“ Undoubtedly,” answered the lawyer, with a faint smile at the simplicity of the question. "No one has a better right to it than yourself, and I will immediately arrange for the transfer of the money."

When the interview was concluded, and they stepped again into the street, Maggie felt very much as if it were all a dream.

“John," said she, turning a roguish face to her husband, “my gratitude has no limits; and I think you will have to live on Mrs. MacWhirter's recipes.”

“It would not be difficult,” he replied, laughingly, “if they were all like this."

“No, indeed. And oh, John, how fortunate we are! for now you will be able to buy the practice.”

Great was the mortification with which Mrs. Kemp and Mrs. Lacy heard of the chance they had let slip through their fingers. As the latter, speaking of the unlucky recipe-books, pathetically remarked, they had never had the heart to open those touching mementoes since their lamented relative's death. In fact it was some time before Mrs. Kemp could find hers. They were indignant with the Raymonds, and even went so far as to call Mrs. Raymond a “designing minx."

I do not think Maggie was a designing minx. If so, she was a great deal happier than she deserved to be. And although the two nieces talked no more of their “ dearest aunt,” that lady was not altogether consigned to oblivion, for the doctor and his wife in their prosperous household ever cherished with kindly feeling the memory of Mrs. MacWhirter



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'EW of readers, probably, know whence

the chief supply of lobsters, crabs, and other

shell-fish come for the London market. A large part comes from the little port of Hamble, situated on the creek of that name, which enters from Southampton Water about two miles below Netley.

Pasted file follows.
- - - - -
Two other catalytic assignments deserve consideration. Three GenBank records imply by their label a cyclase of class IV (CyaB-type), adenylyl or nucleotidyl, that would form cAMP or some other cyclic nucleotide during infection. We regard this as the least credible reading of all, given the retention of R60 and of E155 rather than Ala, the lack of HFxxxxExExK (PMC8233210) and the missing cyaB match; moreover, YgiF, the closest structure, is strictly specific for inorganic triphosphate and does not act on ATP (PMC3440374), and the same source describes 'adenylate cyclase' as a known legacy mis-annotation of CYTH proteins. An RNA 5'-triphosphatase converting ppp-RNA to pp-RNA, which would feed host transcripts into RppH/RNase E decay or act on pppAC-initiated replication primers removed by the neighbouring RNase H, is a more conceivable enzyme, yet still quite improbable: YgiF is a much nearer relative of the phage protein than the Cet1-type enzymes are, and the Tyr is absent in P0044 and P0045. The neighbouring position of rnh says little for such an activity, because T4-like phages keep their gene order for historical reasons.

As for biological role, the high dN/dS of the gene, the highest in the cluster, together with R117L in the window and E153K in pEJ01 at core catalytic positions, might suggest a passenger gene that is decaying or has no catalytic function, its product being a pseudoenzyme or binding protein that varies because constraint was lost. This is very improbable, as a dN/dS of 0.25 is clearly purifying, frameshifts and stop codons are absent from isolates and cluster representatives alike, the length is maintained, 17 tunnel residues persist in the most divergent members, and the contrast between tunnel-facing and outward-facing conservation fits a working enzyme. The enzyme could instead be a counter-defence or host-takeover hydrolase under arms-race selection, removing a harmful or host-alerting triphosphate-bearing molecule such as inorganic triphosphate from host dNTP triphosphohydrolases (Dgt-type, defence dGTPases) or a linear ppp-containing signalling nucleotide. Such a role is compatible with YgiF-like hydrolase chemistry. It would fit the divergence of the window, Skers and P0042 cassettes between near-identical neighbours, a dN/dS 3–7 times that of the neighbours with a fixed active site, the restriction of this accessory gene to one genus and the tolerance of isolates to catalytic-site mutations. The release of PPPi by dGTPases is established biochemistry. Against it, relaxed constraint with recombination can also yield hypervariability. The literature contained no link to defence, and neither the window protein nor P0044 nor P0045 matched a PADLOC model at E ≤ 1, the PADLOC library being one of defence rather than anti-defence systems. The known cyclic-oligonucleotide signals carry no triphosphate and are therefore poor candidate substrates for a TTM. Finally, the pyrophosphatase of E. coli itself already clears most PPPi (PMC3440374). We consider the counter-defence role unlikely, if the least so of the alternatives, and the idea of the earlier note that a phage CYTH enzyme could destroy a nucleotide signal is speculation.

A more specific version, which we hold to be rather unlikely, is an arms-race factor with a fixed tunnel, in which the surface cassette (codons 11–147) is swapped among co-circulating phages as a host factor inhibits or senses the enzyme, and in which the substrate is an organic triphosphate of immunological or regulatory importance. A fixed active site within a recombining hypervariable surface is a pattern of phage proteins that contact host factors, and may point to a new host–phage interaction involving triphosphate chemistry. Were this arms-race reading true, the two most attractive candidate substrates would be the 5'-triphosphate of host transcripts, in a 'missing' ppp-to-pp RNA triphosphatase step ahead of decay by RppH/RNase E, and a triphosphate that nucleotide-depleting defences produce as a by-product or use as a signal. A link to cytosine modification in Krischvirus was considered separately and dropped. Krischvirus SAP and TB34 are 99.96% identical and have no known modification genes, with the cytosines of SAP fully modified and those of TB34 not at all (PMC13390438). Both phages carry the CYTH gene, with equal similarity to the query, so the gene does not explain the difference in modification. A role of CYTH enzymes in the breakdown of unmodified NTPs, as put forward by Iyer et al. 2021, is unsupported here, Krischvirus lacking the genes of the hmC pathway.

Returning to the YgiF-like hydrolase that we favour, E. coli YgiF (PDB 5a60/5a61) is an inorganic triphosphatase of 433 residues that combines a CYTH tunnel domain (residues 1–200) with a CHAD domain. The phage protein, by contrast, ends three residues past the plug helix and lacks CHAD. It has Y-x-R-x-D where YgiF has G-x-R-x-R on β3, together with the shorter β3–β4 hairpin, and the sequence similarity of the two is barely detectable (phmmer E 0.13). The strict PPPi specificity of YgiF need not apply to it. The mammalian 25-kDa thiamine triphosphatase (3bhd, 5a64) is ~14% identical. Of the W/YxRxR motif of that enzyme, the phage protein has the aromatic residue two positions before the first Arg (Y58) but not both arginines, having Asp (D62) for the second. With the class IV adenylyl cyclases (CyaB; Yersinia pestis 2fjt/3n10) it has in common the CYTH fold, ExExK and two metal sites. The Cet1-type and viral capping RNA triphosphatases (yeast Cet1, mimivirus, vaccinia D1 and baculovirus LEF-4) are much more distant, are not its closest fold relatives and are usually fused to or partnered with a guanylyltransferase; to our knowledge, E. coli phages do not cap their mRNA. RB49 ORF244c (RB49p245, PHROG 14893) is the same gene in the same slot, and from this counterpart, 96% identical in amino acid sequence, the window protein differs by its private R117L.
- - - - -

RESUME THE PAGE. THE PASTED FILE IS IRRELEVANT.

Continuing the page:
Before visiting Hamble we were under the impression that these crustaceans, for which the place is famous, were caught in the creek or somewhere in the neighbouring waters. Nothing of the kind. They are all brought by vessels in wells at the bottom of the hold from Devonshire, Cornwall, the Scilly Isles, the west coast of Ireland, and the rocky shores of France and Norway. So far, therefore, Hamble can scarcely be called a “fishing village” according to the ordinary meaning of that designation, where the few resident fishermen rarely catch any fish larger than whitings, sprats, and similar small fry. Nevertheless, as the principal deposit in the south of England, this little port is of interest.

From Hamble they are sent all alive to London, Manchester, and other cities, where they generally arrive in good condition. It was interesting to see the mode in which they are preserved in the smacks during long voyages. At the time of our visit there were eight of these vessels lying at anchor, some of them having just arrived with the dark crustaceans in their banks, while those that

had discharged their live cargoes were preparing to take their departure.

Considering the extent of the trade carried on at Hamble, it is perhaps the cleanest and quietest port in England. Instead of the cutters' cargoes being thrown into boats like dead fish, the live lobsters and crabs are as carefully handled as newborn babes, although they sometimes snap viciously. On the voyage when the sea is calm the lobsters and crayfish are taken out of the tanks with great care, put into a strong net, and towed over the ship's side, and when landed they are placed in a pond until they can be sent to market. Crabs are more hardy, but instead of being landed they are placed in floating chests, with the lids just a little above the level of the water. These oblong boxes are moored close in shore, having the appearance of small decked barges, with padlocks on the top, which are only opened when the crabs are taken out and packed for the market. That takes place generally in the evening, when the cases are conveyed to the Netley terminus, en route for London by the night trains. If there are any dead crabs in the chests they are rejected and boiled immediately for local consumption in and around Southampton and adjacent towns.

In this manner the staple—nay, almost the only -traffic of Hamble is conducted, and corresponds with its quiet aspect, which is no doubt due to this exceptional trade in Billingsgate supplies.